Shortly before midnight on June 11, 1994, the bodies of O.J. Simpson’s ex-wife, Nicole Brown Simpson, 35, and her friend, restaurant waiter Ronald Goldman, 25, were found savagely stabbed to death outside Nicole’s condo on Bundy Drive in West Los Angeles. O.J. and Nicole’s children, Sydney, 8, and Justin, 5, were asleep in an upstairs bedroom, while Simpson had taken a red-eye flight from LAX to Chicago. Within hours, Los Angeles police went to Simpson’s lavish Brentwood home on Rockingham Avenue, about two miles away, where Kato Kaelin, who would become the world’s most famous houseguest, told them he heard three thumps in the night. Near the thumps, LAPD Detective Mark Fuhrman, who would become America’s most famous racist, found a bloody glove that matched one at the crime scene.
Police used the emerging science of DNA analysis to tie the 47-year-old Hall of Fame football player, sportscaster, pitchman and actor to the murders. Instead of surrendering, O.J. issued a rambling, vaguely suicidal statement through his attorney, Robert Kardashian. Hours later the police — and media — discovered that Simpson’s friend, Al Cowlings, was driving his Ford Bronco on the San Diego Freeway, with the former NFL star in the backseat, holding a gun to his own head. Thus ensued the infamous “slow-speed chase” that played out live in primetime on network TV, turning a sordid double homicide involving a minor black celebrity into a national spectacle that exposed racial fault lines and set the standard for media madness to this day.
Simpson was jailed without bail and charged with two counts of first-degree murder, but prosecutors decided not to seek the death penalty. He hired a “Dream Team” of lawyers who claimed Simpson had been framed by a racist police department, and instead of being tried in affluent Santa Monica, near where the murders occurred, the proceedings were held in downtown Los Angeles, where the jury pool was more diverse. Although the case was about whether O.J. Simpson murdered Nicole Brown Simpson and Ron Goldman, celebrity justice, interracial couples, domestic violence, tabloidization of the media, racism and police corruption were all on trial. And three years after riots broke out when an all-white jury in Simi Valley exonerated four police officers for the videotaped beating of black motorist Rodney King, a mostly black jury had an opportunity to turn the tables on justice.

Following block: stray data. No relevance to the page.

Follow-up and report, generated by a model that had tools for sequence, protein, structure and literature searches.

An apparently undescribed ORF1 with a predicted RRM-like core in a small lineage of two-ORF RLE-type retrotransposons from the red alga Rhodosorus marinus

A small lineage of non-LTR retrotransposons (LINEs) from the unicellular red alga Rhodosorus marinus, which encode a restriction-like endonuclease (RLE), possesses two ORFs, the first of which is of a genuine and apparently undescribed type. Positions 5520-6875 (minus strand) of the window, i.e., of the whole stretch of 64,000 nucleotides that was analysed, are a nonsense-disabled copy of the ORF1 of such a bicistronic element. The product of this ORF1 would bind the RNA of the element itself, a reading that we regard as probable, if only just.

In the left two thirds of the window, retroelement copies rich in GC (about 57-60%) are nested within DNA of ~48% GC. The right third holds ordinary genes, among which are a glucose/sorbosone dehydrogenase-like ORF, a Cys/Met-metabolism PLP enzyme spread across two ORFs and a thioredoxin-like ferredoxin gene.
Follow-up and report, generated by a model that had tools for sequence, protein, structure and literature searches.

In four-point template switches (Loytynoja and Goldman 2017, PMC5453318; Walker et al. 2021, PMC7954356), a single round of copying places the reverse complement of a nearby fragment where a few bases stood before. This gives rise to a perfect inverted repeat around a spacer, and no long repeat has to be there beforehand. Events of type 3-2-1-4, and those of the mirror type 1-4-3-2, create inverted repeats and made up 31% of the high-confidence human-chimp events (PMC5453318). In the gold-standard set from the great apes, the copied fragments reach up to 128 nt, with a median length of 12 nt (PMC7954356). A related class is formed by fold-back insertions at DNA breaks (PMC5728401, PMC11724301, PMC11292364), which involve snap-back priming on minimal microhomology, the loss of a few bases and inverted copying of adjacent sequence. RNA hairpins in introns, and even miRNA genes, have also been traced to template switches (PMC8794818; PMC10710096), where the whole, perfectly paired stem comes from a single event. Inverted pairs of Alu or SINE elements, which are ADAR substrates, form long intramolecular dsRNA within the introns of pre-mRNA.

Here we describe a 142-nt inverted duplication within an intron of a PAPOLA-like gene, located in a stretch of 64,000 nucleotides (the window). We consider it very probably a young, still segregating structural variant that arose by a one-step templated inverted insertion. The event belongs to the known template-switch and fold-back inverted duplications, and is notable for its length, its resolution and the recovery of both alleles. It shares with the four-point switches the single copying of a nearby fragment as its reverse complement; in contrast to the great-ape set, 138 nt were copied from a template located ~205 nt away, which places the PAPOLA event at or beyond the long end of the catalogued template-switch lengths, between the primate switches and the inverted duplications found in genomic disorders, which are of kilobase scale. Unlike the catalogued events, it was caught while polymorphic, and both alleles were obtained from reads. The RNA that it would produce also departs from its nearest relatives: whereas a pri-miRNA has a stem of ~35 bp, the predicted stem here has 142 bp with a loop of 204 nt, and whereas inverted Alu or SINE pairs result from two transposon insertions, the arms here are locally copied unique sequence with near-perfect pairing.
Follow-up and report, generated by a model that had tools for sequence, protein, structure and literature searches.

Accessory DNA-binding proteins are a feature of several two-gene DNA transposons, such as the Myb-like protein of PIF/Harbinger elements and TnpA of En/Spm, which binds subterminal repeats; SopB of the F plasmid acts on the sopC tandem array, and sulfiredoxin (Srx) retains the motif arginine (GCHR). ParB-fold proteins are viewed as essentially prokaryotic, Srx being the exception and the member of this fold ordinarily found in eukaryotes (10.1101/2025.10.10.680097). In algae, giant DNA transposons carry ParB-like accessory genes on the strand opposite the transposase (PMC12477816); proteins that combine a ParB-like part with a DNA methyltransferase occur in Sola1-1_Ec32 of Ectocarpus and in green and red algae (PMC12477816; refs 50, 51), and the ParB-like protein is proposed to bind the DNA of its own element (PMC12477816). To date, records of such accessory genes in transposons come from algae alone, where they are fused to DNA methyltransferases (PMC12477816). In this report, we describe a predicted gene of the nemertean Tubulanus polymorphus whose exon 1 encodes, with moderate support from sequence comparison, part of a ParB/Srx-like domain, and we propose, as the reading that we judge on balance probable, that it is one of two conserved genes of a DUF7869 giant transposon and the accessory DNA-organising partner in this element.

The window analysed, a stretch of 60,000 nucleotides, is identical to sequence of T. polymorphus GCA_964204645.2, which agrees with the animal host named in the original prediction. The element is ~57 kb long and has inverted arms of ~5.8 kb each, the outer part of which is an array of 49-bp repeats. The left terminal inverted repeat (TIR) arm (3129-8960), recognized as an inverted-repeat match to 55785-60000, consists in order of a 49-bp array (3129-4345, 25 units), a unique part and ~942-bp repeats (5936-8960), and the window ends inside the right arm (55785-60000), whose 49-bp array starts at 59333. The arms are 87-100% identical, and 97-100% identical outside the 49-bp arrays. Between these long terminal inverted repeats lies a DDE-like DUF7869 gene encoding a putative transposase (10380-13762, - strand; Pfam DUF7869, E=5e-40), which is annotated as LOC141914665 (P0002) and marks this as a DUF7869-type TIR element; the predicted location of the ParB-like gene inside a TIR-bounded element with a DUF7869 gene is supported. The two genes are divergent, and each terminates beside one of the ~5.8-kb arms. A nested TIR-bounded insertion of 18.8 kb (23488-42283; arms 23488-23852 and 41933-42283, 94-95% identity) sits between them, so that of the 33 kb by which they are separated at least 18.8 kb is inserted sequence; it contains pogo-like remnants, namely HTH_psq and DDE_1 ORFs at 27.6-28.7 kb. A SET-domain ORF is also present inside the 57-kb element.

By the time Simpson’s trial began on Jan. 29, 1995, I’d been a public information officer for nearly seven years and had hated every minute of it. So when a friend said he might be able to get me into the biggest media event of the day, I decided to pretend I was a journalist and cover the trial like I was a freelancer. Besides sneaking into the courtroom, I buzzed the crime scene, hung out in the press room and asked a dumped juror a question at a news conference. I also saw in microcosm the cynical strategies of the defense and prosecution, the shenanigans of the lawyers and judge, the odd interplay between the media and the trial proceedings, and the agony of the jurors. I had a blast, but by the time I finished writing a story, Simpson had been found not guilty and everyone was sick of O.J. stories. Is it still too soon?